Equally, bank behavioral adjustment strategies to reaching the NSFR consist largely of intended measures and are similar to the LCR’s; however, increases in long-term issuances weigh 23 percentage points (compared to 15 percentage points for LCR) at the expense of increases in HQLA, which drop to 16 percentage points (32 percentage points for LCR). The remaining categories remain virtually unchanged. Again, banks use a broad range of adjustment strategies and there is no evidence of herding. Banks with a lower NSFR (below the median of 116%) place more weight on increasing long-term issuance (27 vs 20 percentage points for banks with high NSFRs). These banks place less weight on increasing of HQLA (11 vs 20 percentage points) as well as on the reduction of loans (to households, non-financial companies and the public sector) and credit facilities to non-financial corporates (6 vs 14 percentage points).
3.6. Uncertainty with respect to implementation and the complexity of regulation are the main regulatory challenges for banks
The questionnaire asks banks to rank the most challenging regulatory requirements of Basel III. About one third find the target Tier 1 ratio to be most challenging to meet, for 11% it is the LR, for 6% the LCR, for 15% the NSFR and for 12% TLAC. Regarding the nature of challenge, among the top three challenges are uncertainty with respect to implementation and/or changes to regulation as well as the complexity of the regulatory framework.8
3.7. Interaction between regulatory constraints limited
Finally, the report devotes ample room to study the interaction between regulatory constraints. It does so by splitting the samples into sub-samples. The authors consider the following non- overlapping subsamples: CET1 ratio ⋚ 12% and LR ⋚ 5.9%, LCR ⋚ 141.8% and NSFR ⋚ 116.3%.9 They then check for the statistical significance of sample-specific differences regarding bank behavioral responses to the various regulatory requirements. Overall, the interactions between regulatory constraints are small, few of them are statistically significant (18%) and even fewer affect the economically relevant top 5 contributions to banks’ behavioral adjustments (5%). In the case of significant interactions, banks with lower regulatory ratios are more like to feature intended behavioral reactions (such as increases of capital or HQLA) and less unintended reactions (such as reduction of lending).
The report finds that banks react to Basel III reforms mostly in the intended manner: they increase capital and liquid assets, reduce non-performing and non-core assets, lengthen funding tenors and shift to more stable funding sources. These reactions strengthen bank balance sheets and contribute to the stability of the financial system. It also shows that unintended consequences, such as the reduction of lending to non-financial corporates and households play a minor role.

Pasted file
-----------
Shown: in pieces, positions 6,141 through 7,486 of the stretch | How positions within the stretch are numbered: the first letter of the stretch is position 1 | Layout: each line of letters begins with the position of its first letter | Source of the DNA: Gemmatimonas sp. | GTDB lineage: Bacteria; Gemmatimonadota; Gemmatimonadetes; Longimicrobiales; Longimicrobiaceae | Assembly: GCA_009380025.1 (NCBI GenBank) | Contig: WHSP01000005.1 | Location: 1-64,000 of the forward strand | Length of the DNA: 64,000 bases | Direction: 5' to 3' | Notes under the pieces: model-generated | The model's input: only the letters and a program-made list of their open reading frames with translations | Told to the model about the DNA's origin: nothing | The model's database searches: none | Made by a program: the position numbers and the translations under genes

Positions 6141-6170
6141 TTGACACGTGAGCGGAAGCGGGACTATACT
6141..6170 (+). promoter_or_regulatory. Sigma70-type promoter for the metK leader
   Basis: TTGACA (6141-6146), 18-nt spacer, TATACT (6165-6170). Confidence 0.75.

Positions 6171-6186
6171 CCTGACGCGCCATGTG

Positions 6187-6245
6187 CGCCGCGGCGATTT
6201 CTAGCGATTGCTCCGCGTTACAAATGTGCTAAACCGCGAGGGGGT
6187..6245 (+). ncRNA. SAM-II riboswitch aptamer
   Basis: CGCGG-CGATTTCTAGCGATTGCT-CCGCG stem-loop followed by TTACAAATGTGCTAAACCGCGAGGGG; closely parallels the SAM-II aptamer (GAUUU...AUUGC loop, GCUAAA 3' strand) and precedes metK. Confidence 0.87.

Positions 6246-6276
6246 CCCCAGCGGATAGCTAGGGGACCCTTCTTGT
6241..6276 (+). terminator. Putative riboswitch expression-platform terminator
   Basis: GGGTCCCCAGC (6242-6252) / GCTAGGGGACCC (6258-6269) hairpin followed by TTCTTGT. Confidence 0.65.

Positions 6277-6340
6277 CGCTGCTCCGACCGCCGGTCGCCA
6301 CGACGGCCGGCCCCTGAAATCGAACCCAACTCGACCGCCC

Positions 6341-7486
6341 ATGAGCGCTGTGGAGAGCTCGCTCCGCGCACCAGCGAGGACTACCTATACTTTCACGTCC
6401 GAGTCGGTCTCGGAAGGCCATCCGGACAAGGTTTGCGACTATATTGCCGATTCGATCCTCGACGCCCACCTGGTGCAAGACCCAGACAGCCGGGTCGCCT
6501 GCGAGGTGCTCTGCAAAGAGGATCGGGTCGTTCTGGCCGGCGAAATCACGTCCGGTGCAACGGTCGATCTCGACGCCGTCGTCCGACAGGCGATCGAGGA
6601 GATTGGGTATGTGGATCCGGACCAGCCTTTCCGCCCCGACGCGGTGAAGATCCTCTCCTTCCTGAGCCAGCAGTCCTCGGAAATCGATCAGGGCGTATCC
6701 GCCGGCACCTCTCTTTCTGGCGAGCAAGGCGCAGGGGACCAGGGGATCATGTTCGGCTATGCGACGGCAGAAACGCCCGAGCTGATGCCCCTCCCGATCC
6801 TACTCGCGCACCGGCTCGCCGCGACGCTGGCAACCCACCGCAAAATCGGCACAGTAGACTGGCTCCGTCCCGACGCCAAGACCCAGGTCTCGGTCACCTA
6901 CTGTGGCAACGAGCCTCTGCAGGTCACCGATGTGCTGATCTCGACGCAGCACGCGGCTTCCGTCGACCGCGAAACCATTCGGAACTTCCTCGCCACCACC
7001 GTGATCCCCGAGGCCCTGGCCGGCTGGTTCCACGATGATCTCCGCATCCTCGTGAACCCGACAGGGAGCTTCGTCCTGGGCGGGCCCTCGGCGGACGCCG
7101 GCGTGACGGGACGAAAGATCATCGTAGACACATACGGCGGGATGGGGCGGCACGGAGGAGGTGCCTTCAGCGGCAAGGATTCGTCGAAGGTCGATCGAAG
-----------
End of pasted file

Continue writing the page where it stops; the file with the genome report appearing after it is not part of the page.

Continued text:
The Basel III reforms aim at internalizing negative external effects by shifting costs from the public back to banks. Consequently, the potentially lower lending volume or growth is not an unintended consequence of Basel III, but an endogenous reaction to the intended internalization of negative external effects.
Historic evidence corroborates the findings of the report. The results show that quantity-based models of bank behavioral reactions are wrong and misleading: they assume that banks can only reduce the supply of loans to the real economy to adjust to new regulation. In fact, many banks raise capital and employ a broad range of behavioral reactions. There is no evidence of herding. Therefore, quantity-based impact assessments and macroprudential stress tests significantly and systematically overestimate the costs of regulation.
About the author
Stefan W. Schmitz is head of macroprudential supervision at Oesterreichische Nationalbank, the Austrian central bank. His areas of expertise include liquidity stress testing, macro-financial feedback effects in stress tests, and macroprudential policy (including impact assessments). Stefan is a member of the Research Task Force of the Basel Committee of Banking Supervision, of various working groups of the European Banking Authority, the European Systemic Risk Board, and the Eurosystem. He participated in the IMF Euro Area FSAP in 2018 and in a number of IMF TA missions in Europe and Asia. He holds a PhD from the University of Vienna, a Master in Economics from the Vienna University of Economics, and a Master of Science from the LSE. Before joining the Austrian Central Bank in 2003, he was Research Fellow at the Austrian Academy of Science and Visiting Fellow at the German Institute of Economic Research in Berlin. In 2000, Stefan was Visiting Assistant Professor at the University of Minnesota. He has published books, papers, and policy reports on a wide range of topics, including the books Carl Menger and the Evolution of Payment Systems: From Barter to Electronic Money (ed. with M. Latzer) and Institutional Change in the Payments System and Monetary Policy (ed. with G. Wood).
SUERF Policy Notes (SPNs) focus on current financial, monetary or economic issues, designed for policy makers and financial practitioners, authored by renowned experts. The views expressed are those of the author(s) and not necessarily those of the institution(s) the author(s) is/are affiliated with.